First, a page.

3. Susan Lighon says:

    sorry for the typo should read: Only citizens who register

  4. Skylar says:

    When voting last week I asked an election judge at my polling place this very question and was told that they only need to see ID if someone has a common name or looks “suspicious”.

    I have no idea what someone looks like who is committing voter fraud but maybe they do since they are on the look out for suspicious people. I must not have looked suspect, though, since I wasn’t even asked what my address was.

    I just think it’s odd that with all the voter fraud stories in the news (ACORN, anyone?) and Minnesota’s close votes (Franken wins by 300 votes), that there isn’t more concern taken to ensure an honest election. I mean, seriously, how hard is to look at someone’s ID?

  5. Luke says:

    The law professor’s argument at the end that there isn’t an increase in Indiana in catching voter fraud and therefor showing an ID isn’t necessary is ridiculous. The idea behind having to show an ID is that it will help prevent/discourage voter fraud, not help catch it. Also, his argument that requiring an ID for voting isn’t ok because voting is a right is equally ridiculous, because proving who you are by pulling out your ID or a bill doesn’t prevent you from voting, it helps to ensure that some moron voting more than once doesn’t cancel you out.

  6. Scott Funk says:

    See what I mean about right wing complaints, Susan? I’m an election judge, and I can assure every one of you loons that there is no way to vote multiple times, EVER. You have no idea just how anal retentive the head judge was when it came time to shut down!

    1. Melissa says:

      You are the dumbest judge I’ve ever seen. Without I.D. I can drive there out of state and vote for YOUR governor. Hey maybe that’s a good idea. I think all Republicans need to take a road trip and vote in every state when its time for presidential elections.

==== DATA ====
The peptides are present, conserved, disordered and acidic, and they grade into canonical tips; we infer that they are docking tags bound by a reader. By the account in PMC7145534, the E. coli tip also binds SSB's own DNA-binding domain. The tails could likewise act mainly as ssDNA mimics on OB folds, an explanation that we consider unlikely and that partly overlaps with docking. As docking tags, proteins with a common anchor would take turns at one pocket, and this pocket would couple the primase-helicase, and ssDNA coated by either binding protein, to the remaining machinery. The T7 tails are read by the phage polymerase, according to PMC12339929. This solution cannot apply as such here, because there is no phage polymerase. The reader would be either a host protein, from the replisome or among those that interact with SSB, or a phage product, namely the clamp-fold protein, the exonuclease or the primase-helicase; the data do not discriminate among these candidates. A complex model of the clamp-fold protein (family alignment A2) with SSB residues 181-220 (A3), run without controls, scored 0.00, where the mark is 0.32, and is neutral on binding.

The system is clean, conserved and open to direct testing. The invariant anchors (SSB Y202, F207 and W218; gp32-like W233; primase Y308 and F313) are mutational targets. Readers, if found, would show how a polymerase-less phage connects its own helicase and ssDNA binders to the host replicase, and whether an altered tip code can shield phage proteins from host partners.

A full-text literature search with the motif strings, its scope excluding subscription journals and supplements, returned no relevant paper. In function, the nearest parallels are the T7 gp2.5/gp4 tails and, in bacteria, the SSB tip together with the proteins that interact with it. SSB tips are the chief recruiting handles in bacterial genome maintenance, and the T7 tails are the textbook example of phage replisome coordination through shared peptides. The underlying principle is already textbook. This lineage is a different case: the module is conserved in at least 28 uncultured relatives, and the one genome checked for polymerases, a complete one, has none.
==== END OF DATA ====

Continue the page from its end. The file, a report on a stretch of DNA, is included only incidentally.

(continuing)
7. John says:

    I believe it is possible to vote more than once, especially if someone had recently moved, they would still be on the old voter registration list and could bring a new utility bill to the new precinct that they just moved into to vote again. There have been instances of people voting across state lines as well. I dismiss Schultz’s arguements, as they are condescending and dismissive of voters’ concerns. I would gladly pay taxes to insure that seniors have a PROPER ID so they can vote. Most of us no longer live in towns where everybody knows everybody. If having to show an ID to get on a plane or cash a check or buy booze is a priviledge, then I sure want someone to show an ID to VOTE to protect the RIGHTS of all legal voters — even ONE fraudulent vote is ONE vote TOO MANY.

  8. Lil Joe says:

    I hope people quit using the ACORN boogeyman. Also, let it be known that one of the alleged felons claimed he voted for Coleman. Just that I think it might be a good idea to let everyone have a Universal ID card. Again, Americans are afraid of Big Brother, Big Government, 666, etc. so implementing a bullet proof ID for employment and everything else is not happening. Meanwhile, the GOP-TEA are winning by spending huge amount of cash and appealing to the basic emoticon of hatred and fear, whilst disguising it as love for country.

  9. Sigma47 says:

    What you are not able to see from Indiana results are the people who would have voted under a pseudonym but stayed at home due to the ID requirement. Thus it would be really difficult to determine the efficacy of the ID rule.